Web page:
Secondly, using f-Chrimson, we overcame the likely biggest roadblock of current ChR2-based cochlear optogenetics: low temporal bandwidth of optical coding (<80 Hz)15. We found robust and fast photocurrents in cultured isolated f-Chrimson-positive SGNs. In vivo, fiber-based stimulation resembling single-channel oCI elicited activation of the auditory pathway in hearing and deaf mice. Using far-field neural population responses (oABR) as a readout we found low thresholds for radiant flux and energy (<0.5 mW, <0.5 µJ) as well as duration (<100 µs) and a wide dynamic range of coding (more than 20 dB, no saturation for most animals at maximal stimulation). This brings the oCI closer to the currently used eCI stimulation parameters (0.2 µJ and 80 µs per pulse)38 and exceeds the eCI output dynamic range (<10 dB)17. Both, recordings of oABR and of firing in single putative SGNs indicated that f-Chrimson mediated oCI-enabled responses to follow at least 200 Hz, which corresponds to physiological steady-state firing rates of SGNs13. In fact, we found some neurons to follow stimulation to several hundreds of Hz nearly mimicking sound-evoked SGN activity. The closing kinetics of f-Chrimson and the resulting relative refractoriness probably also limits the temporal precision of f-Chrimson-mediated SGN firing. At 500 and 1000 Hz, vector strength, a measure commonly used to analyze the extent of phase-locking in SGNs39, was lower for f-Chrimson-mediated optogenetic stimulation than for mouse SGN firing with transposed tones35. We note that the SGNs recorded in the present study typically did not fire spontaneously probably due to the ear surgery. Besides the lack of spontaneous firing, the short (1 ms) and pulsatile optogenetic stimulation typically evoking a single spike likely explain why vector strength tended to be higher for low stimulus rates when compared to transposed tones, for which several spikes were generated per stimulus cycle. Moreover, vector strength and temporal jitter of f-Chrimson-mediated SGN firing in mice indicate a lower temporal precision than that of acoustic hearing and electric stimulation in species with prominent phase-locking of SGN firing33,39. Nonetheless, we reason that, even if the limited probability and temporal precision of single SGN firing for optogenetic stimulation at 100–500 Hz translated to species other the mouse, this will not impede the coding at the level of the auditory nerve population. Hence, we conclude that f-Chrimson is a good candidate opsin for the oCI. In fact, higher temporal jitter in response to optogenetic than electrical stimulation might render unnecessary the very high stimulation rates employed in eCI to avoid overly synchronized activity in the auditory nerve17. The favorable properties of the novel Chrimson mutants also facilitate multiple applications in basic neurosciences and in sensory restoration, such as the recovery of vision29.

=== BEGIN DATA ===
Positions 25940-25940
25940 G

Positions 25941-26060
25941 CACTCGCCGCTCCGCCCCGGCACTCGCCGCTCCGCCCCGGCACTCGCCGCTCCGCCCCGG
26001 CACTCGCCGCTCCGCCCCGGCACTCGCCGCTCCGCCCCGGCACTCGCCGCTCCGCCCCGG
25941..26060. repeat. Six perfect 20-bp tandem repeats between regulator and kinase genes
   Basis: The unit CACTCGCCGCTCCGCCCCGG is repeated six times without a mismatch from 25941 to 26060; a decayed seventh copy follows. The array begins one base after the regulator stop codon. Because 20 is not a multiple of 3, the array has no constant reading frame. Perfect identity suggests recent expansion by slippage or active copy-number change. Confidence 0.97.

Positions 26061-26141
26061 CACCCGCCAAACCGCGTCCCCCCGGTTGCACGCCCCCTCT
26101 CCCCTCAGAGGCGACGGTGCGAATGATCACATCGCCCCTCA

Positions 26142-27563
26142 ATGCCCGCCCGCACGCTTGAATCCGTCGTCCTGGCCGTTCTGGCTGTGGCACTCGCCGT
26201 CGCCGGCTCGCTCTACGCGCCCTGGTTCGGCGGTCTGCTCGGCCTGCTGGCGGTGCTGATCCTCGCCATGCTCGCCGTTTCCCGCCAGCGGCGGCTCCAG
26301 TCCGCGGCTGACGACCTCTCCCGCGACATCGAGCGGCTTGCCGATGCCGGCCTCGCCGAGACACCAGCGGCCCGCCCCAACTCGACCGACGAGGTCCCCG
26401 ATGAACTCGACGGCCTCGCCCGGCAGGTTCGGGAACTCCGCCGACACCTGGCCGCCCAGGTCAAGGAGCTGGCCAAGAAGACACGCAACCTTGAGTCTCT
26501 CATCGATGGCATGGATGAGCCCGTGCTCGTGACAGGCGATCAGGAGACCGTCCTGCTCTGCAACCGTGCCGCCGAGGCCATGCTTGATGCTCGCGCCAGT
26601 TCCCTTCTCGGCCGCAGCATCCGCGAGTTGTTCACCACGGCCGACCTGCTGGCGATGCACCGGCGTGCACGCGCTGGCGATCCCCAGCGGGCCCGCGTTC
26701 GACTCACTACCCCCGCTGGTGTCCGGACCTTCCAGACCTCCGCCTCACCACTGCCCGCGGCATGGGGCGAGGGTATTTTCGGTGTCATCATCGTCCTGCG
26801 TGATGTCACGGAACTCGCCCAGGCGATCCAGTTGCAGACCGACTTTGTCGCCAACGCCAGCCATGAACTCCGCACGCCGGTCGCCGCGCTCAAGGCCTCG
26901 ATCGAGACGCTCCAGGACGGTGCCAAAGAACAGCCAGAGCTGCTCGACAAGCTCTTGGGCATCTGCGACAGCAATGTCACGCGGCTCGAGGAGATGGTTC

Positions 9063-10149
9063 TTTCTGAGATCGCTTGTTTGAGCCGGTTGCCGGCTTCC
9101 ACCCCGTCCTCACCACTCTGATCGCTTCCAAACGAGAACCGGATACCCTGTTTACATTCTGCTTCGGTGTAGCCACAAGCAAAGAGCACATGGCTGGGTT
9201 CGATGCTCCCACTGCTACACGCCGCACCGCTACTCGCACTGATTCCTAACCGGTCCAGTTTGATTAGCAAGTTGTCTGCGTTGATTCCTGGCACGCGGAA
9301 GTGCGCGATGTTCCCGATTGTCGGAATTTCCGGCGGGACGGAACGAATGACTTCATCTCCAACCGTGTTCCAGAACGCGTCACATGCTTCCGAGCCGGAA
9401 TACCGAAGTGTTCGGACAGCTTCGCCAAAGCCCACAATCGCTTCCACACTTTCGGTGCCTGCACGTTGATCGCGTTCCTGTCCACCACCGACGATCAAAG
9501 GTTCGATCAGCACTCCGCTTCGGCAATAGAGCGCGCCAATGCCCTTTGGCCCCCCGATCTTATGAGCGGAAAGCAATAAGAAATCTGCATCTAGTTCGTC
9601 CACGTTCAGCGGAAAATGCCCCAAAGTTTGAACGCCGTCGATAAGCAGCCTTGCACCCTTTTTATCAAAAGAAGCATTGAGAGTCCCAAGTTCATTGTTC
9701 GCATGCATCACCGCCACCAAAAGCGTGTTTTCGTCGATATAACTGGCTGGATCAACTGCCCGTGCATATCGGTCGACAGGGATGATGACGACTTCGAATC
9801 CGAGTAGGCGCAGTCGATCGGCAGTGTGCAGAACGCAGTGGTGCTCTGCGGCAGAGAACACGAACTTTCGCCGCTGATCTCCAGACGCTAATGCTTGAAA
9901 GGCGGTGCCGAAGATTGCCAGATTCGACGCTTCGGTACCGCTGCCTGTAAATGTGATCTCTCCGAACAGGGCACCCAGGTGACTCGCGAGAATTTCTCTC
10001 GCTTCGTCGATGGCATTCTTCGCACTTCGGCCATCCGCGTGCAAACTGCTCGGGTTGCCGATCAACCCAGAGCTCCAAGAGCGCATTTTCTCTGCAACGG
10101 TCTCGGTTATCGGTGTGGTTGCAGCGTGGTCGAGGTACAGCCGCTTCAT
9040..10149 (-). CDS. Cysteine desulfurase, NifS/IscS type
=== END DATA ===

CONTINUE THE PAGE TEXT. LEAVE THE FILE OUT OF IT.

Molecular biology

The humanized DNA sequence, coding for the red light activated ChR Chrimson from Chlamydomonas noctigama (accession number: KF992060), either C-terminally fused to EYFP or without a fluorescent tag, was cloned into the mammalian expression vector pcDNA3.1(−) (Invitrogen, Carlsbad, USA). The mutations L174C, K176R (ChrimsonR), Y261F, S267M and Y268F as well as combinations of aforementioned mutations (Table 1) were created by site-directed mutagenesis. Chrimson-EYFP wt and Chrimson-EYFP Y261F/S267M (f-Chrimson-EYFP) were subcloned into the Xenopus laevis oocyte expression vector pTLN40.